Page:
Puberty in Dogs – What You Should Watch Out for During Puberty
07.10.2022 - Reading time: 4 minutes
Can’t be bothered attitude, explosive outbursts of activity and no respect for authority: dogs in puberty are surprisingly similar to teenagers. But don’t worry – even this “phase” comes to an end. Find out here what to expect when your dog hits puberty and how you can deal with it.
What causes puberty in dogs?
Depending on the breed, puberty initially starts between 6 and 12 months of age along with sexual maturity. Large breeds enter the pubescent phase a little later, females a little earlier than males. The female dog will now come into heat for the first time, the male dog begins to lift his leg to pee and suddenly finds female dogs very exciting. In addition, he will now increasingly compete with other male dogs. Many dog owners notice the onset of puberty not only by sexual maturity, but by the fact that their previously well-behaved four-legged friend’s good behaviour suddenly seems to disappear.
During puberty, there are various changes that coincide in the organism of a dog which not only have physical effects but also cause confusion.
Your pets will experience these changes during puberty:
- Changes in the neurones due to rapid growth spurts of the nerve cells: In order to optimise brain efficiency, their connections undergo a real restructuring. Important connections are strengthened, less essential ones are reduced. The main site of these changes is the prefrontal cortex: a brain region that translates cognitive processes, thinking and learning into appropriate reactions. During puberty, there may be impulsive behaviour. Another area of the brain, the amygdala, also grows during puberty. This is the centre for emotions such as fear and aggression. The dog’s emotional life also becomes a little more unpredictable at times.
- Hormonal fluctuations: dopamine and testosterone – the dog’s hormone balance and receptor receptivity are also in flux. This can lead to stress and nervousness in the dog. The animal reacts disproportionately both to external stimuli and to situations it is already familiar with. These are the typical mood swings that puberty also causes in human teenagers.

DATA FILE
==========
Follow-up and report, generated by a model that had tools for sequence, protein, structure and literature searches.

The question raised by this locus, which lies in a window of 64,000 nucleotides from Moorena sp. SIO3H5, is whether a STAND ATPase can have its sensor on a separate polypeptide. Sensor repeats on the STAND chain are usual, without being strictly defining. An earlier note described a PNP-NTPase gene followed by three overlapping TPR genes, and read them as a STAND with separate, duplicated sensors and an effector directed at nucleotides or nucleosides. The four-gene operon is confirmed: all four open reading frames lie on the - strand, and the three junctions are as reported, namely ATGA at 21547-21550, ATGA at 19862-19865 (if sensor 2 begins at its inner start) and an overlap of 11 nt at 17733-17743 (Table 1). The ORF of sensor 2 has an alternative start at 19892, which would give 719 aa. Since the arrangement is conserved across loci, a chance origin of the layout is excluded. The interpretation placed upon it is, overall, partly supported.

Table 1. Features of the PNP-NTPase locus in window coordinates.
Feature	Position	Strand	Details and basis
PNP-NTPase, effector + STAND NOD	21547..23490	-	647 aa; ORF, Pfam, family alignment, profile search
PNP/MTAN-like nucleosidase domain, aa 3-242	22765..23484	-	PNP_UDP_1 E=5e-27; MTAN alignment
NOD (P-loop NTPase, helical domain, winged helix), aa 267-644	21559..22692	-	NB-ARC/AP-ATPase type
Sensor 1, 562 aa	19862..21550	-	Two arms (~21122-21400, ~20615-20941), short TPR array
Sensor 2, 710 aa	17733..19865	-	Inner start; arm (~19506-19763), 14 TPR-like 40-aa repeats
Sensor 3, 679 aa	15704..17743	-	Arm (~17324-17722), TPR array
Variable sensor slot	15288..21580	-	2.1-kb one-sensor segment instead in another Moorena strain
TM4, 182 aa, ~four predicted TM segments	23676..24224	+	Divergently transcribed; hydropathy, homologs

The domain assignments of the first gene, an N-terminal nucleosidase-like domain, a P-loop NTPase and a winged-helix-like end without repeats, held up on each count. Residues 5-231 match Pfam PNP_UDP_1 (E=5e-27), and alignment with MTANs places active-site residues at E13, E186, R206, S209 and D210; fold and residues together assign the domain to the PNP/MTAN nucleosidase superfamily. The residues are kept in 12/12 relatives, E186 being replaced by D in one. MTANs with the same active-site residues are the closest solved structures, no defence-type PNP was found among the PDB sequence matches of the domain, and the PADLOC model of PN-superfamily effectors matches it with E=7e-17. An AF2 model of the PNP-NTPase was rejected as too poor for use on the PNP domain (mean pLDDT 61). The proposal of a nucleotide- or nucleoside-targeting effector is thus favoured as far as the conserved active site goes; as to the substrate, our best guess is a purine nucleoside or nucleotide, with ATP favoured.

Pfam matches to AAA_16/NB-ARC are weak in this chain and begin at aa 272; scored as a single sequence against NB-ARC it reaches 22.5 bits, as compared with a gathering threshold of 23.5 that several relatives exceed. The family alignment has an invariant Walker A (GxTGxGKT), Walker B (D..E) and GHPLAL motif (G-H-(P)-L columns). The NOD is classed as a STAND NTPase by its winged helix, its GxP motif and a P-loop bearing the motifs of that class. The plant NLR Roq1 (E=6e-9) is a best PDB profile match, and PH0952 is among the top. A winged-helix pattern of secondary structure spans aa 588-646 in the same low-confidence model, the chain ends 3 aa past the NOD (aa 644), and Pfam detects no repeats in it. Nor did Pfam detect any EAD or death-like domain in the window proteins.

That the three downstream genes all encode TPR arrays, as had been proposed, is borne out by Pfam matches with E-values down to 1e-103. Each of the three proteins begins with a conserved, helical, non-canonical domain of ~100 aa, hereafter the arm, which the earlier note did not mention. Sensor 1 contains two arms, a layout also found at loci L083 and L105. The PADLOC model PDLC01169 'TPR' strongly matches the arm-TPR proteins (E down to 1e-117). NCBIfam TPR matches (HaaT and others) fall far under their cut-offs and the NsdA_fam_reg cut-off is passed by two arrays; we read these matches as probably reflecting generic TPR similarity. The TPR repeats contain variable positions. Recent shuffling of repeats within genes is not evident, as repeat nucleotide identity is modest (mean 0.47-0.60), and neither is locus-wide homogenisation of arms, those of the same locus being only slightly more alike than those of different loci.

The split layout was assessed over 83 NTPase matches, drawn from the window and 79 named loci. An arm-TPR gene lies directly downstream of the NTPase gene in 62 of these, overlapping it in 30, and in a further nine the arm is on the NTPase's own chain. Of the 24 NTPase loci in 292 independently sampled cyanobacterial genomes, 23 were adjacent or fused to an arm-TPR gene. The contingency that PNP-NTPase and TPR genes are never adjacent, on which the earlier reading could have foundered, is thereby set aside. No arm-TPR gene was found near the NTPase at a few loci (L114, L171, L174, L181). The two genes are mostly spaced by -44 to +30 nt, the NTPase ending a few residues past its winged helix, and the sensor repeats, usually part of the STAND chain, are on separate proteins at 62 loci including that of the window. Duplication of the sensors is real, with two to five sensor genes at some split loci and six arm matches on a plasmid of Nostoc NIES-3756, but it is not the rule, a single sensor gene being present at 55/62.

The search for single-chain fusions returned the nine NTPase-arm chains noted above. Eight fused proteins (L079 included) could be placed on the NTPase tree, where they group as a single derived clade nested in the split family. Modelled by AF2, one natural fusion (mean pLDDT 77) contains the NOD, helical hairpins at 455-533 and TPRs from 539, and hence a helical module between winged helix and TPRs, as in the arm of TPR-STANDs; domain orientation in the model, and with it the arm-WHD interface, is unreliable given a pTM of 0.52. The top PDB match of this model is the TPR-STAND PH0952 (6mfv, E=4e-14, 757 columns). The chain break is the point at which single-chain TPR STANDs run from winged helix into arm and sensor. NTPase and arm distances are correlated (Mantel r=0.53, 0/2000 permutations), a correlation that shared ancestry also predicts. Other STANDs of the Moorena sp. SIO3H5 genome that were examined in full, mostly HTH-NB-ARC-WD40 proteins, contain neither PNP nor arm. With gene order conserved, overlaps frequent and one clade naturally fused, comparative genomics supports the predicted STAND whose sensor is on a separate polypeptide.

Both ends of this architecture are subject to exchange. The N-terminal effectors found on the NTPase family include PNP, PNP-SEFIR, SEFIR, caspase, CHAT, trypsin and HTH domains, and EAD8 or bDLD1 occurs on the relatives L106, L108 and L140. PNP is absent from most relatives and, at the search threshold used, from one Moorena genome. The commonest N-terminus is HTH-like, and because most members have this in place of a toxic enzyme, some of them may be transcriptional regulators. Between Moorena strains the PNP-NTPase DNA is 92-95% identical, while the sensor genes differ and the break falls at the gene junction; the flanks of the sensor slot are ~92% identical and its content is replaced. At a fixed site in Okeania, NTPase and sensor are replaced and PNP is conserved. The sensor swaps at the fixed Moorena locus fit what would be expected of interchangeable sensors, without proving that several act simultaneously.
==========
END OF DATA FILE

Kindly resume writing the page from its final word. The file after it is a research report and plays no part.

What are the signs of puberty in dogs?
Canine puberty manifests itself mainly by the dog responding to its environment with mood swings and a certain degree of volatility. Their play with other dogs becomes rougher. How strong and the form in which these effects are expressed depends on the individual animal. However, the common denominator for any form of grouchiness is the establishing of “adult” behaviours.
What are the stages of puberty in dogs?
There are two sensitive periods in a dog’s life. It starts with the ranking phase, the time between the 13th and 16th week of life, roughly comparable to the defiant phase in toddlers. Puberty is the other difficult phase. Depending on the breed of dog, it begins between the 7th and 12th month of life. Large breeds enter puberty later; in females, the starting signal is the first heat. In males, the transition from young to semi-adult is gradual. There is a small indication of it when male dogs lift their legs for the first time when urinating and make a mark. Puberty slowly fades away when the dog is between two and three years old and is fully grown.